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Research Article

Relation Between Somatic Cell Count and Chemical Tests Used for Detection of Sub-clinical Mastitis in Buffaloes

S.A. Soomro, K.B. Mirbahar, M.I. Memon, A.G. Arijo and N.M. Soomro
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To see the relation between somatic cell count (SCC) and intensity of Chemical reaction on White Side Test (WST), Bromothymol Blue Test (BTBT) and Chloride Test (CLT), a total of 785 milk samples were chemically tested using all three tests. Out of 785 samples 109, 155 and 124 showed positive reactions on WST, BTBT and CLT respectively. The positive samples were graded as +(4), + + (8), + + + (12) and + + + + (16) according to the severity of reaction and their relative somatic cells were counted. The results revealed direct relation between SCC and intensity of chemical reaction. Ninety one percent of samples with positive reactions on all three tests had SCC over 200x103 which indicates that a SCC below 200x103 may be regarded as normal in buffalo.

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  How to cite this article:

S.A. Soomro, K.B. Mirbahar, M.I. Memon, A.G. Arijo and N.M. Soomro, 2000. Relation Between Somatic Cell Count and Chemical Tests Used for Detection of Sub-clinical Mastitis in Buffaloes. Pakistan Journal of Biological Sciences, 3: 142-143.

DOI: 10.3923/pjbs.2000.142.143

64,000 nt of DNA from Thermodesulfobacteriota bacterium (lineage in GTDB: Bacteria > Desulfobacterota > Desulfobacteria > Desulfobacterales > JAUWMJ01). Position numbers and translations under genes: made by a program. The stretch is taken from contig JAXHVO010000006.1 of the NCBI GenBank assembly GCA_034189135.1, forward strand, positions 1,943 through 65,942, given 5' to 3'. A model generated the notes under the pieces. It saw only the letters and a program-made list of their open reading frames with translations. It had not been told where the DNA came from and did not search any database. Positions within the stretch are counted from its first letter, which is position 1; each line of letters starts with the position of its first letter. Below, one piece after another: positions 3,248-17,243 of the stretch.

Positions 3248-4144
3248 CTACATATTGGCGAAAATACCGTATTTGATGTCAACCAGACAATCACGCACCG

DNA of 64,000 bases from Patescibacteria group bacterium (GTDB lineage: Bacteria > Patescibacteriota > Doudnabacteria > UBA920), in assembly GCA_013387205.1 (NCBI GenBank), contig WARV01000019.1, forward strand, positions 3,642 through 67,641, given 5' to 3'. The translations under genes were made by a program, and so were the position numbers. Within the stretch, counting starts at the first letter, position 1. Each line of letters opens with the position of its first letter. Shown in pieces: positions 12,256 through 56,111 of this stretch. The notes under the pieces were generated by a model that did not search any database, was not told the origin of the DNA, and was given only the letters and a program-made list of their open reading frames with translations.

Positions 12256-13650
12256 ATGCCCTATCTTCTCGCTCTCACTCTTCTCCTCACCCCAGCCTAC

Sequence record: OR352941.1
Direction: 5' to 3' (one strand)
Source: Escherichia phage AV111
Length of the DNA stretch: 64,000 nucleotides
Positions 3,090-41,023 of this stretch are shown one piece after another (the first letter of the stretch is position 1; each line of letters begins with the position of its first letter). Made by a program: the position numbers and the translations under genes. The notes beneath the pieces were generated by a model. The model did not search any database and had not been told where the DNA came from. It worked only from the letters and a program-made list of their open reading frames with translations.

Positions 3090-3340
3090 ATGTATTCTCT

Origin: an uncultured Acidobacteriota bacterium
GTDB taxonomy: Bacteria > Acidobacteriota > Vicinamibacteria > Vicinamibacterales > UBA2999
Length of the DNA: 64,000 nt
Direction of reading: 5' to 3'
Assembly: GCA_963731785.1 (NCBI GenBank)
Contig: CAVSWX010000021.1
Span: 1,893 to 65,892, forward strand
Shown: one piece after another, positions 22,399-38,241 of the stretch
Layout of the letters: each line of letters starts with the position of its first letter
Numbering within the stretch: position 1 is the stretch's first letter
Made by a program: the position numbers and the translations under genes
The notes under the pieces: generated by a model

The diagnosis is essential for the control and prevention of sub-clinical mastitis. Various indirect tests have been described to detect the sub-clinical mastitis (Schalm et al., 1971). As evident from its definition, the mastitis is characterized by physical and bacteriological changes in milk causing an inevitable rise in somatic cell count (Blood and Radostitis, 1989).

In addition to the SCC examined under light microscope some screening tests are also commonly used for the detection of sub-clinical mastitis. These includes Bromothymol Blue Test (BTBT), Chloride Test (CLT) and White Side Tests (WST). WST is considered as dependant upon SCC (Blood and Radostitis 1989), where as BTBT detects changes in pH (Schalm et al., 1971). Somatic cell count is regarded as the most reliable indicator for detection of sub-clinical mastitis .

A SCC count of less than 250x103/ml of milk is considered as normal in Cow (Blood and Radostitis, 1989). However studies conducted by various scientists on buffalo milk have reported a SCC ranging from 100x103 to < 300X103 to be normal (Silva and Silva, 1994; Dhakal et al., 1991; Disenhaus, 1985; Serieys, 1985).

Materials and Methods

A total of 785 milk samples were collected from 200 buffaloes by the method described by Coles (1968). The samples were than transported to the laboratory of Veterinary Physiology and Biochemistry, Sindh Agriculture University Tandojam. 4 percent NaOH, 0.13 percent silver nitrate and 10 percent potassium chromate and BTBT solutions were used in WST, BTBT and CLT respectively. The procedures were used as described by Schalm et al. (1971) and Coles (1968). Milk film was prepared and stained with Wrights-Leishman stain by method of Schalm et al. (1971).

The SCC were counted by field method i.e multiplying the number of cells in the fields (20) with working factor (30712.5) (Richardson, 1985). To facilitate statistical analysis the positive samples on chemical tests were classified as + (4), + + (8), + + + (12) and + + + + (16).